Shifting gears to the Sixers, Matisse Thybulle went 20th overall. They traded up to get him. Do you think that was the right range for him and what do you think about his fit with the Sixers?

I had Thybulle ranked 13 overall. I love him. I thought it was a great value play in terms of where they got him. I think he’s a great fit for the team. He really gives them someone who can be versatile defensively, can cause deflections, can be disruptive. He’s like everything you’d want in this team in terms of somebody that can defend, that can switch, that can mask for other people’s defensive inabilities at times.

And then offensively, the real question mark is the jump shot. But we talk about that because it’s a talking point, but I also don’t think it’s this gigantic elephant in the room where it’s like, Thybulle can’t shoot. I don’t think that’s what we’re talking about here. I think it’s just the obvious swing skill for him, and it’s probably gotten a little more attention than it needed. I think the monthly shooting splits are jarring, in that he would go like 18 percent in November, then 40 percent in December, back down to like 19 percent. If you look at them, they’re really jarring.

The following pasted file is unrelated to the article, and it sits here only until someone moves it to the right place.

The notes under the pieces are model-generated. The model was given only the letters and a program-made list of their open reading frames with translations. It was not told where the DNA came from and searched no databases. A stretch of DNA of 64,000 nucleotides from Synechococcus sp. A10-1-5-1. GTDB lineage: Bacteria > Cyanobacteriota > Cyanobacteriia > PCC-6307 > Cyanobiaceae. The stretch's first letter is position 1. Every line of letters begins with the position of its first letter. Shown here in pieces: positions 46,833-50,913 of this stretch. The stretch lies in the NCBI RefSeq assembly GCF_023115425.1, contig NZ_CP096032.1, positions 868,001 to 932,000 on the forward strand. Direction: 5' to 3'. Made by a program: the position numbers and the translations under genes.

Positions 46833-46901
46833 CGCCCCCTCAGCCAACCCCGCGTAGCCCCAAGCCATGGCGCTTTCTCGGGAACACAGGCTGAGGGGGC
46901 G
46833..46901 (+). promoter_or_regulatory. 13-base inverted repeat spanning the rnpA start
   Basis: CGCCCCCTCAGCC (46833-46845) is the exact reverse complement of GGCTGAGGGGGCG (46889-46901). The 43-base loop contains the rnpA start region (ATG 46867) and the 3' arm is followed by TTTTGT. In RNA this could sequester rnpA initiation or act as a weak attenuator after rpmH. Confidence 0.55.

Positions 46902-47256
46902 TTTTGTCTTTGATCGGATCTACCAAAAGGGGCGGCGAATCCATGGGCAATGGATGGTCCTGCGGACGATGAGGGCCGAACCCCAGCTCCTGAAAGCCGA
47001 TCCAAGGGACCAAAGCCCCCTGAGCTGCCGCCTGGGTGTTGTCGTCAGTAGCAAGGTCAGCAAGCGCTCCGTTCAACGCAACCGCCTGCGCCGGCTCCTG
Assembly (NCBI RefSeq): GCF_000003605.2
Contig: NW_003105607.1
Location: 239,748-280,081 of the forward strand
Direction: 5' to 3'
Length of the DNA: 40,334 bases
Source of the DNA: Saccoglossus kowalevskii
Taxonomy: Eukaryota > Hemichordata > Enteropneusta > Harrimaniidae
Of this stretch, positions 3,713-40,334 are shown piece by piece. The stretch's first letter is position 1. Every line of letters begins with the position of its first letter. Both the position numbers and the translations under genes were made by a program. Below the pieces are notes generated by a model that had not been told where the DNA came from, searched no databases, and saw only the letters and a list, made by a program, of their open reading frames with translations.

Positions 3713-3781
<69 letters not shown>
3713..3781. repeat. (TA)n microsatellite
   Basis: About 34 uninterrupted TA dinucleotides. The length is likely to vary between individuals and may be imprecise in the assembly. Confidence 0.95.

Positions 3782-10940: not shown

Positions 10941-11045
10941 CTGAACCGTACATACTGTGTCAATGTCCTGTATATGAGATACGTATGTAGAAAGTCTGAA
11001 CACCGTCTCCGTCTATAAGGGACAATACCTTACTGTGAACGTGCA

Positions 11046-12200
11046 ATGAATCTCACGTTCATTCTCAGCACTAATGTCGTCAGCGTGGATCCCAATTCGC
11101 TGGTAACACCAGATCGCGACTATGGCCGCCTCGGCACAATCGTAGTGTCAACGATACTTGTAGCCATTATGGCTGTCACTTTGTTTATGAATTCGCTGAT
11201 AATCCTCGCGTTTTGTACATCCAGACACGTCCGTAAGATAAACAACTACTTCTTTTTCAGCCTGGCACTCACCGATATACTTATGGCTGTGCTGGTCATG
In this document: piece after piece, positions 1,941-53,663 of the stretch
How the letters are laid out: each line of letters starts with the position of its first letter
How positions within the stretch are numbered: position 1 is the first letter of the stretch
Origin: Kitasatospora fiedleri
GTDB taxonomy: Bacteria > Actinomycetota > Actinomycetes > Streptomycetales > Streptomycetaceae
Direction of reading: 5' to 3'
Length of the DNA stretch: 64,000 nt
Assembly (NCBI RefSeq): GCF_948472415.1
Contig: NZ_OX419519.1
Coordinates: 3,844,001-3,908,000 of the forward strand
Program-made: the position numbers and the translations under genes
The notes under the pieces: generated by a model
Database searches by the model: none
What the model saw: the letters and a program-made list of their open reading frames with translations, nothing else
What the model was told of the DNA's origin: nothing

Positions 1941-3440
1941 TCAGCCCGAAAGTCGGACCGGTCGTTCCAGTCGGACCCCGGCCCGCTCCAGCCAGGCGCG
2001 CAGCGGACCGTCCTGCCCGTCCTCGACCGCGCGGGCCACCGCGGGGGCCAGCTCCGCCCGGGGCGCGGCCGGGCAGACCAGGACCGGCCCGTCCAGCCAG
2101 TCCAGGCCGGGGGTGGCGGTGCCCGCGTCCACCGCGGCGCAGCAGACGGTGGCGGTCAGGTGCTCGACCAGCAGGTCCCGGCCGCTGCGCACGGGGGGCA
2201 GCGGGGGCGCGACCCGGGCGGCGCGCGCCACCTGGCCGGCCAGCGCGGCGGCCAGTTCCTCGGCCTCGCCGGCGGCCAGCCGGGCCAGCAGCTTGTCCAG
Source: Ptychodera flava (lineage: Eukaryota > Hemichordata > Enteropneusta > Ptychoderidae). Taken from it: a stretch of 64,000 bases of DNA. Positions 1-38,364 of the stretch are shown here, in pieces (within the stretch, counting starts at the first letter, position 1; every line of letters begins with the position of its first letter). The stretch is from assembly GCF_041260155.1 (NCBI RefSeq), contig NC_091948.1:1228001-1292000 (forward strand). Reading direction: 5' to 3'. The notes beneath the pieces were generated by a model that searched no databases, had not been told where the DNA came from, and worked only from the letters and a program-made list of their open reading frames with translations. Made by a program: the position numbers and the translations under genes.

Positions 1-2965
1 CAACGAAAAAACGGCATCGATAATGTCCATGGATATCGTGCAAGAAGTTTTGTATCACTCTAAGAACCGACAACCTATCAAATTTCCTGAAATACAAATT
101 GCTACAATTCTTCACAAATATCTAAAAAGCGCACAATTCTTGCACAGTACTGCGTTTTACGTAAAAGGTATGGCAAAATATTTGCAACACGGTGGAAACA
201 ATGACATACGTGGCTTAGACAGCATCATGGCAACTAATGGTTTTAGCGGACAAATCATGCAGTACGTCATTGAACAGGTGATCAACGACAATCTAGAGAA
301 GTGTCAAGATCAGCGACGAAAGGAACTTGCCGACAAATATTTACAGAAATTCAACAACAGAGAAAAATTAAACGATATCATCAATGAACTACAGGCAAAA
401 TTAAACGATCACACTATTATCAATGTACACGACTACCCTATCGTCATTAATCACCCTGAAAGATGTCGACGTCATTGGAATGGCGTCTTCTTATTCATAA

But there’s nothing mechanically wrong with him. He’s a high release point, so he doesn’t have that perfect 90-degree, parallel to the ground in terms of tricep, elbow bend. He kind of shoots off of his palm, instead of his fingertips. And I just don’t think he’s somebody that’s totally comfortable shooting off of a move, like at faster speeds, or like really off the dribble. But I don’t think this team needs him to be, and I think he’s someone that can very easily grasp if the Sixers coaches were like, ‘Hey Matisse, stand in that corner, you need to stand in that spot, and you need to be able to hit that shot 40 percent of the time. He’ll work on it. He’s not gonna think ‘I thought I was brought here to be a scorer’. That’s not who Matisse Thybulle is.